The second survivor of the Pike River Mine disaster - miner Russell Smith - has revealed that he was twice delayed from entering the mine in the hours before the blast.
The Royal Commission of Inquiry sitting in Greymouth, after a request from media, released Mr Smith's evidence. Although he has been present in court this week, he did not speak to his brief.
In a factual statement, he says he was late for work on November 19, and when he did arrive he was told to take a loader underground. He had to put on a new bucket, but was again delayed because he could not get the pins out.
As he was driving in, what may have been a bright light caught his attention, followed by "a concussion''.
"I recall feeling that pressure on my face, just bang! It was just all noise and concussion on me straight away.''
Still sitting in the loader, he tried to hide low behind its steel door.
"I remember fighting for breath and was worried that it was gas.''
He tried to reach his self-rescuer, but then his memory goes blank. He does not believe he had time to get it on.
His next memory is vomiting in the ambulance, and in hospital, the smell of smoke lingered in his hair.
Mr Smith does not pass judgment in his statement, but he does note the tag system had become "fairly inefficient''.
Confusion in the mine
Former general manager Doug White, giving evidence to the Royal Commission of Inquiry in Greymouth earlier today, painted a picture of confusion over who was actually in charge immediately after the November 19 blast and who was underground at the time, as they repeatedly rang phones which no one answered.
There was disagreement over whether to run the conveyor and when to bring in a machine to suck the air out, with the Department of Labour and police in Wellington categorically ruling out those options.
Running the GAG machine, to prevent further explosions, was an acknowledgement the 29 men were dead because once it was running no one could breathe underground, he said.
On the night of the blast, Mr White debated with individual Mines Rescue staff who were frustrated they could not enter the mine. However, Mines Rescue did not make a formal request to go underground until the following Wednesday, he said.
The self-rescuers, fastened to the belts of everyone underground, had 30 minutes of oxygen, and the fresh air base had 50-minute ones.
Every half hour, mine staff opened the intercom system so anyone alive inside the mine would have been able to hear them speak. All phones were called. Only one did not ring; it returned static.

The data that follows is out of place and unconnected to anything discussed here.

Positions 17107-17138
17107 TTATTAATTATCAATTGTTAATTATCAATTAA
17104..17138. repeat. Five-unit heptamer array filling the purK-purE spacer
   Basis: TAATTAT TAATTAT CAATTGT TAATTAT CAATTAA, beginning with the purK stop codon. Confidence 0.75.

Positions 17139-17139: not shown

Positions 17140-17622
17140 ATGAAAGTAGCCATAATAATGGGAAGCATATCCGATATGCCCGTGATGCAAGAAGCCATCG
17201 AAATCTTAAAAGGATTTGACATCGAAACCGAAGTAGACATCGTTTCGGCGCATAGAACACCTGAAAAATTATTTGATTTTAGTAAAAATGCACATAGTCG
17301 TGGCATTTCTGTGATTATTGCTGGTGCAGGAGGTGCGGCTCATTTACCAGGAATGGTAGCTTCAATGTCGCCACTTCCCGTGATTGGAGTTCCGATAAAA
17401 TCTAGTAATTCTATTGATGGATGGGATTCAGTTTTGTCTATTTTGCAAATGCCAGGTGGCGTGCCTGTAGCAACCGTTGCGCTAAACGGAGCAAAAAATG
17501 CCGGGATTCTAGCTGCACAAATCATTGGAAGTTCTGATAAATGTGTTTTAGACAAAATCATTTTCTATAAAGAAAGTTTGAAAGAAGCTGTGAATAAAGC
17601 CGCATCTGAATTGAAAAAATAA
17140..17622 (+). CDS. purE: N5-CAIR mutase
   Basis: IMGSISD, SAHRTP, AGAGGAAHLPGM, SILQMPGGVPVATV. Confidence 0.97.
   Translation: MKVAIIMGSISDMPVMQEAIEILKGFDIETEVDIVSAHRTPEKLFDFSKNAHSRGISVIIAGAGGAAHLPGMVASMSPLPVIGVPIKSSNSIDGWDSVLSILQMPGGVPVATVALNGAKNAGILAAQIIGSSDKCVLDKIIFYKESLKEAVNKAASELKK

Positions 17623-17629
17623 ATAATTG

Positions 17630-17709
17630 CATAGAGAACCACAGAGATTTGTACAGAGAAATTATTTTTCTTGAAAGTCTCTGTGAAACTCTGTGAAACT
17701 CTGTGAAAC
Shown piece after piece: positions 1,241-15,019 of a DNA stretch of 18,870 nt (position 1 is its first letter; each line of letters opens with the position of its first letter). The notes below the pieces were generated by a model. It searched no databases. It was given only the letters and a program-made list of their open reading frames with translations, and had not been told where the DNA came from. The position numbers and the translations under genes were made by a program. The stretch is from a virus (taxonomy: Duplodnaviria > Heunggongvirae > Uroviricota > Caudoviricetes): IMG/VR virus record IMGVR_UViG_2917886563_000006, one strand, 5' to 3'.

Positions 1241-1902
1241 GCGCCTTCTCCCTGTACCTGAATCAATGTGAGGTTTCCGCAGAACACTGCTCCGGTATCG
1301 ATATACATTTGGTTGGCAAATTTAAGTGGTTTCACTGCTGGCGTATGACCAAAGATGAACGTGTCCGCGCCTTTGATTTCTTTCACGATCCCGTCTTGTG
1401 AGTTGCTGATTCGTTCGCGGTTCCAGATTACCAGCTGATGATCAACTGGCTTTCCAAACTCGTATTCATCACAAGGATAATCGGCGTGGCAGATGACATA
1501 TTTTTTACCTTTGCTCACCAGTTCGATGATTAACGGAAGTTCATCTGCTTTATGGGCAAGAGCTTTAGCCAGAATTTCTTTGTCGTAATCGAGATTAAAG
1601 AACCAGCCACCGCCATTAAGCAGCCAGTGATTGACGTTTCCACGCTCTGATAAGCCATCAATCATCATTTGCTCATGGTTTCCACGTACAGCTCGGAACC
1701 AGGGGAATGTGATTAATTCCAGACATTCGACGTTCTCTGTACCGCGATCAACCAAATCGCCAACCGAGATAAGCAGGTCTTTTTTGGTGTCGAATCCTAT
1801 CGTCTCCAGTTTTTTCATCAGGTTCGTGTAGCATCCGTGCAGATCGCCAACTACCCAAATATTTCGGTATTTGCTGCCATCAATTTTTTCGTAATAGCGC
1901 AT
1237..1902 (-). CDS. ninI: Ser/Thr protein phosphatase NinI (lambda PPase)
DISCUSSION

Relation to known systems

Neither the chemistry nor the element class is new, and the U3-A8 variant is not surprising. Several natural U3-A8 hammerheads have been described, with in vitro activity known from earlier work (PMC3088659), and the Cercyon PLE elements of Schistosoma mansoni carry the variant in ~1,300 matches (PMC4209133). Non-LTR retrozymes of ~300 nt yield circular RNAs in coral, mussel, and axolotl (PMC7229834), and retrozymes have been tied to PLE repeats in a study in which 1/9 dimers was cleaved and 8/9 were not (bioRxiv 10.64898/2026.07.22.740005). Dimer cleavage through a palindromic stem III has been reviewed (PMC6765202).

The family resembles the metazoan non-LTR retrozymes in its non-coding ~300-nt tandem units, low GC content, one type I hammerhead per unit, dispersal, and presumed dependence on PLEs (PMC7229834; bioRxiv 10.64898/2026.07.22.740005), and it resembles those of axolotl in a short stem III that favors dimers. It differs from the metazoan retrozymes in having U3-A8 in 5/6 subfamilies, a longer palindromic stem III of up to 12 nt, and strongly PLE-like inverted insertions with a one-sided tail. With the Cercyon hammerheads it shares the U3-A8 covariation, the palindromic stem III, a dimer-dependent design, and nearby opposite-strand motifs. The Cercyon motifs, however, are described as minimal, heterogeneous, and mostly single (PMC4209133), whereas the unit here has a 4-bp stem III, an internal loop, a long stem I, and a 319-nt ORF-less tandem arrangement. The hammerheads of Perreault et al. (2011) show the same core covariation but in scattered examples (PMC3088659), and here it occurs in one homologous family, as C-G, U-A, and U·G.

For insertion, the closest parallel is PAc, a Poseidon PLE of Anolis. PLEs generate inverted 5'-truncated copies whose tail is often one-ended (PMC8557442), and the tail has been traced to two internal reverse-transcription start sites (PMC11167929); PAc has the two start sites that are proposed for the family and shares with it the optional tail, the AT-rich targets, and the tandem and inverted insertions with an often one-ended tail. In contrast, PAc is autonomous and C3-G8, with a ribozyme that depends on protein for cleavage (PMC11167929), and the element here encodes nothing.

They urgently needed to know what gas levels were underground, and lowering a hand-held monitor on the end of a fishing line down the ventilation shaft was considered, but ruled out as people would still have to enter the fan house.
The fishing rod idea has been heavily criticised by other submitters.
"The fishing rod was my fly rod - (but) it would have put a person at particular risk (without breathing apparatus at the top of the shaft)."
Instead, St John suggested a stomach pump from an ambulance be lowered down the shaft, which sucked a sample from about 40m down.
Mr White said they had to think outside the square. Mines Rescue also lowered a radio down in a bucket, with a lamp.
Gas samples flown to the Mines Rescue station at Rapahoe for analysis indicated there had been a fire underground.
Meanwhile, staff were struggling to determine who was actually trapped underground. Some name tags had not been removed from the board, while others had not placed their tags.
A temporary seal at the portal was discussed by Mr White and Mines Rescue to reduce air flow, but the Department of Labour refused: "It was not up for discussion."
Police Superintendent Gary Knowles of Nelson became incident controller but there were no direct conversations about who was in charge, Mr White said.
There were initially frustrating delays as decisions had to be approved by people in Wellington.
Mr White wanted to run the conveyor to determine how damaged it was further in the mine. If it worked, the blast may not have been too large, but he was told he could disturb evidence.
He disagreed with the decision not to bring in the GAG machine on November 22 and was proved right "as the mine exploded a further three times before the GAG was deployed".
On November 24, he was called and told Mines Rescue was preparing to deploy. He then got a second call, and was told the mine had again exploded. They determined no one could still be alive.
The next day he was shown an image from inside the mine. It showed one open self-rescuer box, which suggested someone may have survived the first blast. He asked people not disclose the image until further analysis had been done.
"I had a sinking feeling ..."
The hearing continues.
- APNZBy Laura Mills of the Greymouth Star